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Contact: Ann Hatch

For immediate release — April 24, 2013

(DALLAS) — Knowing that the dream of attending college and earning a degree is harder for African-American males has prompted a group of organizations in the north Texas area to meet, discuss and try to provide positive solutions to that problem. Knowing that approximately 52 percent of African-American males in the country graduate from high school, a rate lower than that of their ethnic counterparts, adds to that sense of urgency.

In response, the Dallas County Community College District is hosting the North Texas African American Male Summit on Saturday, April 27, on the Bill J. Priest Campus of El Centro College, located in south Dallas. The goal for the half-day event is to bring together a variety of groups whose members have been invited to share their ideas and provide suggestions about how to improve the number of male African-American students who complete high school and then pursue higher education and a college degree.

The program, scheduled from 10 a.m. to 1 p.m. in the Hoblitzelle Auditorium of the El Centro/BJP campus at 1402 Corinth St., is sponsored by the Western Region of Sigma Pi Phi Fraternity, its Alpha Epsilon and Delta Mu Boules, and the B.A.A.R. Coalition (Building and Achieving Academic Readiness). Sigma Pi Phi is the nation’s oldest African-American Greek letter social fraternity, which includes more than 5,000 people in member Boules across the U.S. who mentor the next generation of African-American males. The B.A.A.R. Coalition includes community service leaders in the area who have worked successfully with youths in economically challenged pockets in north Texas — they represent education, business, nonprofits, civil service and the legal fields.

Partners for the summit include DCCCD, Project Still I Rise, Kappa League of Dallas, the Barack Obama Male Leadership Academy, DIOP of Friendship-West Baptist Church, the University of Texas at Dallas, Alpha Phi Alpha Fraternity Inc. – Xi Tau Lambda chapter, Mentor Brother-to-Brother, Aiming for the Stars Academic Bowl, the African American Male Research Initiative and the Division of Diversity and Community Engagement at the University of Texas at Austin.

Dr. Leonard Moore, associate vice president of UT’s division of diversity and community engagement, will open the program at 10 a.m.; the event includes panels and discussions involving men from all walks of life. Summit attendees can attend a session at 10:50 a.m. titled “Who’s Gonna Take the Weight,” a college/adult men’s panel discussion hosted by Sigma Pi Phi; or Project Alpha for middle and high school students. The second session, scheduled at 11:30 a.m., will include a continuation of Project Alpha or a panel discussion titled “Effective Strategies for Mentoring Black Boys,” presented by the B.A.A.R. Coalition for college and adult men.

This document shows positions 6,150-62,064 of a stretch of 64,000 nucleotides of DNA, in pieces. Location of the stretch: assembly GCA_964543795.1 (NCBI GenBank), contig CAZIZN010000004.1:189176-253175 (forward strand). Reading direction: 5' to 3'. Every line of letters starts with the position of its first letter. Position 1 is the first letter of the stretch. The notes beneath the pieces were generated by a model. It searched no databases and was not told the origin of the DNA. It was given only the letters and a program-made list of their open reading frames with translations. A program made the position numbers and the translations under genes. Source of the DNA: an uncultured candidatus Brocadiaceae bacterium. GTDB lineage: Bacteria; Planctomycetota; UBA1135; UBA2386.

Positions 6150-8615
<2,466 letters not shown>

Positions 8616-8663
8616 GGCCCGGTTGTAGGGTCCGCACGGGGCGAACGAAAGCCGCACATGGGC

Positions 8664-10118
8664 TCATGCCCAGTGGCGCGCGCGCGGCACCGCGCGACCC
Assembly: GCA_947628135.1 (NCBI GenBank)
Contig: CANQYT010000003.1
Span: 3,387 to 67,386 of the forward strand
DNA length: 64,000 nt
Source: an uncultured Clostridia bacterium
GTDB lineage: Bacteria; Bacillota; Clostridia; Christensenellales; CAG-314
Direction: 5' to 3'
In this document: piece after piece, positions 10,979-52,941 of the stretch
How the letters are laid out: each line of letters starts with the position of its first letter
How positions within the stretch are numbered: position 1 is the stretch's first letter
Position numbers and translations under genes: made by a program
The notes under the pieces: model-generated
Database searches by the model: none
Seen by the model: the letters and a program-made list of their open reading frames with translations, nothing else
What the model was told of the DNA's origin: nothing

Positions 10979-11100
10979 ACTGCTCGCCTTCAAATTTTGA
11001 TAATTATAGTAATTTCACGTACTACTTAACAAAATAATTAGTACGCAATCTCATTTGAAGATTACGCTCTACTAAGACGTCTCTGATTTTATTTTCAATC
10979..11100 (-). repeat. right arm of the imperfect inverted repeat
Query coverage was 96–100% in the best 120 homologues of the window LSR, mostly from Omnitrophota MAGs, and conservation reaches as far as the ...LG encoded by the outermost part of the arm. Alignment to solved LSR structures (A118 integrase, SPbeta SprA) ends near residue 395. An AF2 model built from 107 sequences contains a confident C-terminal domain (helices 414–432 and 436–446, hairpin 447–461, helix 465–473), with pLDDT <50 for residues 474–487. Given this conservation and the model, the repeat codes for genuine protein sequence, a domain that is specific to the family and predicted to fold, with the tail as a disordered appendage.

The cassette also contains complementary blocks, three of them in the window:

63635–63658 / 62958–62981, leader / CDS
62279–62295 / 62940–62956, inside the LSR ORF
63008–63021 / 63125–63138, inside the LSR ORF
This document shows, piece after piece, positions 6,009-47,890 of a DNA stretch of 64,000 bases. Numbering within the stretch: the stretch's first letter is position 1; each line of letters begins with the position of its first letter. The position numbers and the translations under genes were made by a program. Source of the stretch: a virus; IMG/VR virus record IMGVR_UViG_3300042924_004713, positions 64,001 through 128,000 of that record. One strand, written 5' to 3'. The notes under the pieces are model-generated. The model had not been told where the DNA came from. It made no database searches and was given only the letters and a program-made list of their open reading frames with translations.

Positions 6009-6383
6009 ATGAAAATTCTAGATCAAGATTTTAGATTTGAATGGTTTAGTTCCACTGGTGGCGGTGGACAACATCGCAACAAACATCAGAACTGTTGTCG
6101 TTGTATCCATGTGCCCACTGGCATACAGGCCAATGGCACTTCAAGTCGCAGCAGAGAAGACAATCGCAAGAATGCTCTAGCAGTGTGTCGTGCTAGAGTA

The program concludes with a 12:15 p.m. town hall discussion titled “Teached” by Kevin Mondy from the B.A.A.R. Coalition, followed by a panel discussion led by Moore and closing remarks by B.A.A.R. Coalition members Justin Henry and Dr. Gregory Vincent, vice president of UT’s division of diversity and community engagement.

Leaders from several summit member institutions will welcome participants to the event: Dr. Moore and Dr. Vincent, UT division of diversity and community engagement; Curtez Kimble, B.A.A.R. Coalition; Dr. Wright Lassiter Jr., chancellor, DCCCD; Texas State Sen. Royce West; and Dr. Leodis Davis, Western Regional Sire Archon, Sigma Pi Phi.

The American Association of Community Colleges says, in addition to the 52-percent high school graduation rate, that African-American males are less likely to enroll in and complete college preparatory courses in high school; are over-represented in special education and developmental courses; are often suspended and/or expelled more frequently and for longer periods of time than other students; are less likely to receive college counseling and guidance in high school to adequately prepare them for college; often must enroll in remedial writing and mathematics (which places them at a distinct academic disadvantage); and are more likely to enroll in community colleges than four-year institutions (where they do not transfer or complete their degrees).

The U.S. Department of Education says that black men in higher education comprise barely 4 percent of all undergraduate students — the same proportion seen in 1976; are less prepared than their peers for college-level academic work; and have completion rates that are the lowest of all racial and ethnic groups in the country. However, the 2012 National Black Male College Achievement Study, issued by the Center for the Study of Race and Equity in Education at the University of Pennsylvania (led by Shaun Harper), says the trend can change, especially when parents are involved and students have mentors and influential teachers who support them in high school and college.

For more information about the summit, contact David Robinson, coordinator of outreach for DCCCD, at (214) 378-1728, or call his cell phone, (214) 418-6189.

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